1. I’ve noticed that too! Most of mine have been okay, but I have definitely seen some that were a bit odd. Good point. There are usually a whole bunch of different sources though, so sometimes you can find a better version. :)

    1. Cool! I liked that book a lot. :) And I don’t blame you for wanting to stick with books, they’re so beautiful! Although, I do love my Kindle now too (!!) who would have guessed?

  3. Great post!
    I have a Kobo and I love it. I considered getting the Kindle but I found some of the features unnecessary. I didn’t like the keyboard on the Kindle. I thought it took up a lot of space on the face of the device and I preferred the cleaner look of the Kobo. I agree that I will never get rid of paper books, especially for things like cook books or books from my favourite authors but the convenience of being able to carry a literal library of books in my purse has become indispensable.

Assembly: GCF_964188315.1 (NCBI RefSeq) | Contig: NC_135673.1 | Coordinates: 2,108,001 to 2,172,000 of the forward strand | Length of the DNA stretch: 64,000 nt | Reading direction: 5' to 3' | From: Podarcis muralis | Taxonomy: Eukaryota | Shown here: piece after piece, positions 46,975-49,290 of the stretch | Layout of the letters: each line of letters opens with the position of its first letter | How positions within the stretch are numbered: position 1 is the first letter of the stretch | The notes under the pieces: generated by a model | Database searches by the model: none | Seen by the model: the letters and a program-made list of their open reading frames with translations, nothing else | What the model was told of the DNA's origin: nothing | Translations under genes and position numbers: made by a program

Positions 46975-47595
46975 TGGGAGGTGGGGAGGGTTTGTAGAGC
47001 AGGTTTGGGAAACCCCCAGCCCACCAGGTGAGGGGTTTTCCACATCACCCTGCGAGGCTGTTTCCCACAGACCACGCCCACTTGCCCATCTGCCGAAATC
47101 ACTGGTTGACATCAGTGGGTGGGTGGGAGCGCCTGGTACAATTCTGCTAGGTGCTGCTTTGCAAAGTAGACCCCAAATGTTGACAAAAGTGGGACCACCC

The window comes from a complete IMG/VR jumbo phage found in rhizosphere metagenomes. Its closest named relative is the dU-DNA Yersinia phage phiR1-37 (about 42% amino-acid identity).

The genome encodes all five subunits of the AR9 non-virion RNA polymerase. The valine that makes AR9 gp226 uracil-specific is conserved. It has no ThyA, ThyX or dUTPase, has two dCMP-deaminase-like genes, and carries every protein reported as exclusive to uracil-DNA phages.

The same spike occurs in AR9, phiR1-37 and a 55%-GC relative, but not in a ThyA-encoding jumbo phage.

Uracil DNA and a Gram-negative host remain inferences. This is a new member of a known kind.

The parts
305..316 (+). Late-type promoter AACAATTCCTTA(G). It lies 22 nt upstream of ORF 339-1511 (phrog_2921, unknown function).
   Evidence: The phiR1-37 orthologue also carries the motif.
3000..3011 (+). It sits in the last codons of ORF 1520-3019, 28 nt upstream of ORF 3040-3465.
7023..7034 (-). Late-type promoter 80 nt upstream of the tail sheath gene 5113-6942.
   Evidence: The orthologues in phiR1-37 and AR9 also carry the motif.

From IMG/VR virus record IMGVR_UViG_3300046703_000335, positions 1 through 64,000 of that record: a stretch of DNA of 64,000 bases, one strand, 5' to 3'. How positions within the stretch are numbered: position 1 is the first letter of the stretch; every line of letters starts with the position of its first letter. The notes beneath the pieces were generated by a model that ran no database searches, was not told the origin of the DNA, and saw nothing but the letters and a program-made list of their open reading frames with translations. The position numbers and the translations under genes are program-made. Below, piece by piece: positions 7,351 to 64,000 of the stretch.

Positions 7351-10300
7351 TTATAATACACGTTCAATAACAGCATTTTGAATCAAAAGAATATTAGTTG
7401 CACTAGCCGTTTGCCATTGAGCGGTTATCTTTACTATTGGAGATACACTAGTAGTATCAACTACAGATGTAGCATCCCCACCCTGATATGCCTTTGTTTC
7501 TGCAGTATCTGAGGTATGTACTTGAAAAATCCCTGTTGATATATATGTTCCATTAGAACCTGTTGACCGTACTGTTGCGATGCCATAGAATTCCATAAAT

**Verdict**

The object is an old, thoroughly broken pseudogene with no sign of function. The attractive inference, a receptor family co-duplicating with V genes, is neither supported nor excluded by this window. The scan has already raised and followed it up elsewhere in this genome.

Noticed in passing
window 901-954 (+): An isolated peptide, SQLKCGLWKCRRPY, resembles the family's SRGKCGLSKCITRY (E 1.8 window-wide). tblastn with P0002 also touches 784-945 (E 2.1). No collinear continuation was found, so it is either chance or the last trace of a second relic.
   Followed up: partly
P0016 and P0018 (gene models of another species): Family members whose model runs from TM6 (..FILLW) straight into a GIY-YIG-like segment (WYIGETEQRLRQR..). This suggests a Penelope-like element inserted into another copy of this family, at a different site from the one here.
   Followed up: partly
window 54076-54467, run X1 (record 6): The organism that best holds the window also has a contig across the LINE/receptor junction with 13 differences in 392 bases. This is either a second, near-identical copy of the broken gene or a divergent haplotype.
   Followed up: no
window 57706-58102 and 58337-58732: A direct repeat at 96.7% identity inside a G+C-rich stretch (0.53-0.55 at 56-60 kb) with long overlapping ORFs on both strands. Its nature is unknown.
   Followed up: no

1. Thanks a lot for your comment! Glad to hear from someone else who has adopted an ereader, it’s nice to hear your point of view too. I never really investigated the Kobo too much, my decision was mostly made between the Sony Ereader and the Kindle. I think I was sort of drawn more towards the device that has been around the longest, and seemed to be one of the best in the field. But I’ve seen the Kobo and you’re right that it is a bit more streamlined. I have a question though – how do you type things on the Kobo? Is it possibly an electronic keyboard on the screen? I’d love to find out more about it. :) Thanks for your thoughts!